Review: Legend of Legacy [3DS]

Release Date
February 5th 2016 (EU), October 13th 2015 (US)
Nintendo 3DS
Publisher / Developer
NIS America (EU), Atlus (US) / Furyu, Grezzo

The Legend of Legacy, true to form for a title released by Atlus in the US, finally saw its UK release last Friday, months after the US, courtesy of NIS America. It was released in Japan last January, being developed by Furyu alongside Grezzo. Grezzo have worked on such notable titles as The Legend of Zelda: Majora’s Mask 3D, and Tri Force Heroes, for 3DS since the release of The Legend of Legacy in Japan. This game is something of a spiritual sequel to the SaGa series, being made by some of the same staff. Though, being in the UK, one is unlikely to know of that series, as only two titles were released over here; SaGa Frontier 2 and Unlimited Saga were released in 2000 and 2003, respectively. Despite the linear progression prevalent in the SaGa series, The Legend of Legacy opts for a more open progression through the game; this is to the game’s downfall, as it provides little incentive to keep coming back to the game.

The Legend of Legacy takes place on the island of Avalon, a holy land recently awoken from slumber. At the start of the game, you can choose from seven playable characters. You can recruit the remaining characters during gameplay, but your chosen protagonist is always a member of your three-person active party. For the most part, the game consists of exploring areas in order to sell maps outlining the land. Strive for 100% completion, as you only get one shot to The higher percentage completion, the larger the monetary reward. As you explore an area, the map on the lower screen populates, and trees pop up on the top screen as you reach them. While exploring, you’ll run into many a monster that needs defeating. Battles are conducted by selecting a formation for your active party and then engaging in a turn-based fight. These formations can be of great help, especially the one that allows two party members to focus on attack whilst one takes hits for the team. The highlight of the game is easily the system involving elemental shards. These give you advantages in battle, but require equipping an appropriate singing shard to a character. Beware though, as the enemies can do so as well, requiring you to renew your contract to take advantage of the elements again.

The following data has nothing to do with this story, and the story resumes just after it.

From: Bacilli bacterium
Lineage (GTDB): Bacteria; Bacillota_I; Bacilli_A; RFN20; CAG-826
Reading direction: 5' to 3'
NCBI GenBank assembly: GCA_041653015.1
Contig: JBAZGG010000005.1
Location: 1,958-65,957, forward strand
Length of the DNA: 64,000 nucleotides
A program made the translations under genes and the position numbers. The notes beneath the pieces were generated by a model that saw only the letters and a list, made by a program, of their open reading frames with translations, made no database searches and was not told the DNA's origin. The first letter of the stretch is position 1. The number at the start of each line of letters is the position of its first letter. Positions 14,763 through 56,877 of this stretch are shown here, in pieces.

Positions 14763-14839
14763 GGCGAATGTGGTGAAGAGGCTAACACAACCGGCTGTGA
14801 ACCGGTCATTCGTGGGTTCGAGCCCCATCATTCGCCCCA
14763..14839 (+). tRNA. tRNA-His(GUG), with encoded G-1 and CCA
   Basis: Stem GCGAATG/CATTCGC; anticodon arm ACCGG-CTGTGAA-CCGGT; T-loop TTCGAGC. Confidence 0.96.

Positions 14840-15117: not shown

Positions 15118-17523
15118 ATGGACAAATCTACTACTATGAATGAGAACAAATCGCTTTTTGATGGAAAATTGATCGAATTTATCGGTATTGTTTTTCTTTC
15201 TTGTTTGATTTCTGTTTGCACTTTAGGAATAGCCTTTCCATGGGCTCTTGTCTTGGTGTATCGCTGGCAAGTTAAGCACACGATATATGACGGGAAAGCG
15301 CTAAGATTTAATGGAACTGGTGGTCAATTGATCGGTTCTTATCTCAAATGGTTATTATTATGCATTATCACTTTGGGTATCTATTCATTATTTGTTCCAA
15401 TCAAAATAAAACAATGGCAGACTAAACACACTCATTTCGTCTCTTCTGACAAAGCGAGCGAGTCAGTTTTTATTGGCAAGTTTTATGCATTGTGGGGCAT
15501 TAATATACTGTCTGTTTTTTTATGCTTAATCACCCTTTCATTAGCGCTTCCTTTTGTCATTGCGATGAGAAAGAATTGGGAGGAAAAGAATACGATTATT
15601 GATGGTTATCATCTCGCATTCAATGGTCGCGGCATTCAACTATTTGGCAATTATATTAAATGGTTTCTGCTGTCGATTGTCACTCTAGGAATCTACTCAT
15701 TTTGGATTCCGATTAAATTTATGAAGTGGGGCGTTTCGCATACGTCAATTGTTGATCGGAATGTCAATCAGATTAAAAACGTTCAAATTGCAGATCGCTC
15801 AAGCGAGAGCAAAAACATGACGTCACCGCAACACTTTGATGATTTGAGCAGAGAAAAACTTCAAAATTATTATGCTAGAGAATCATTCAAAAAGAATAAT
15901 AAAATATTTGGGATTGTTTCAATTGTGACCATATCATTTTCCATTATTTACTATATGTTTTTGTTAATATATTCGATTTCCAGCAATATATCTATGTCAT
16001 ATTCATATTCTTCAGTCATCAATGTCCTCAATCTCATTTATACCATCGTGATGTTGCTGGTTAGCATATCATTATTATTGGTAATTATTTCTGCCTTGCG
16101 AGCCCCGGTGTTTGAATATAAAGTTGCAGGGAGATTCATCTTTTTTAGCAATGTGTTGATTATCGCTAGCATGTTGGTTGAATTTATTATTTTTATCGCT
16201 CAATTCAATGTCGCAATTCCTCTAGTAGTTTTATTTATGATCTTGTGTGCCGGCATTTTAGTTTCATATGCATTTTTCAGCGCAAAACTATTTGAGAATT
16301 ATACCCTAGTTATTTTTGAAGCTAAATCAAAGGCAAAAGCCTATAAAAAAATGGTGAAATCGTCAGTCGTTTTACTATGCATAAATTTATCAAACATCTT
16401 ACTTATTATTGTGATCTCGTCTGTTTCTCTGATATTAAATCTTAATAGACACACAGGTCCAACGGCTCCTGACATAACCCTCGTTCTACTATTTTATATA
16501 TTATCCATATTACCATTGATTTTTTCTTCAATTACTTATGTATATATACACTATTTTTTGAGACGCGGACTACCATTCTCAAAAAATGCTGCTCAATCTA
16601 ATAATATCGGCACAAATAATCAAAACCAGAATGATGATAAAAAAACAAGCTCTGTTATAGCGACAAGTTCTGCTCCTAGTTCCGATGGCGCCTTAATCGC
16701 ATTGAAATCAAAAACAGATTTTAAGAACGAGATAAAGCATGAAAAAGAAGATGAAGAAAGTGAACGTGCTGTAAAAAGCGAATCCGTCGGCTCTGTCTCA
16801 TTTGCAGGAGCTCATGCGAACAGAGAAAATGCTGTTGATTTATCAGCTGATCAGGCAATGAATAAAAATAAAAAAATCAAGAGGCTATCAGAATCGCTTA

Battles can be difficult, whether this is a good or bad thing depends on the player. It should be noted, though, that you’ll want to make a habit of quick-saving as often as possible – while most enemies can be defeated, albeit after an intensive fight, the occasional mini-boss appearing out of nowhere can quickly lead to a game over and loss of major progress, especially seeing as proper save points are few and far between.

Sadly, The Legend of Legacy is massively let down by its implementation of the story. The beginning of the game features a decent amount of exposition and story detail, but this quickly dissipates, thus leaving you just exploring dungeons and defeating enemies in order to sell maps, all for a tiny scrap of story every so often. With the story feeling like an afterthought, rather than a solid basis for the game, it’s difficult to ever really care about progressing. One can happily go about exploring, selling maps, and unlocking more dungeons, but there’s little point to it when you’re only doing it hoping for the incredibly sparse nuggets of story revelation.

If you really don’t care for story development, and you’re just after some fun battles and exploration, The Legend of Legacy may be for you. However, the gorgeous graphics, with chibi-style characters and pop-up book trees, combined with an enjoyable yet forgettable soundtrack, were not enough to outweigh the lack of purpose for me.

The Legend of Legacy, while relatively enjoyable to play, is severely lacking on the story front. At times, it's easy to forget that there is one at all as it is made to seem so irrelevant. Without the story driving you to play the game, it can be difficult to get invested, despite charming graphics, and fun gameplay.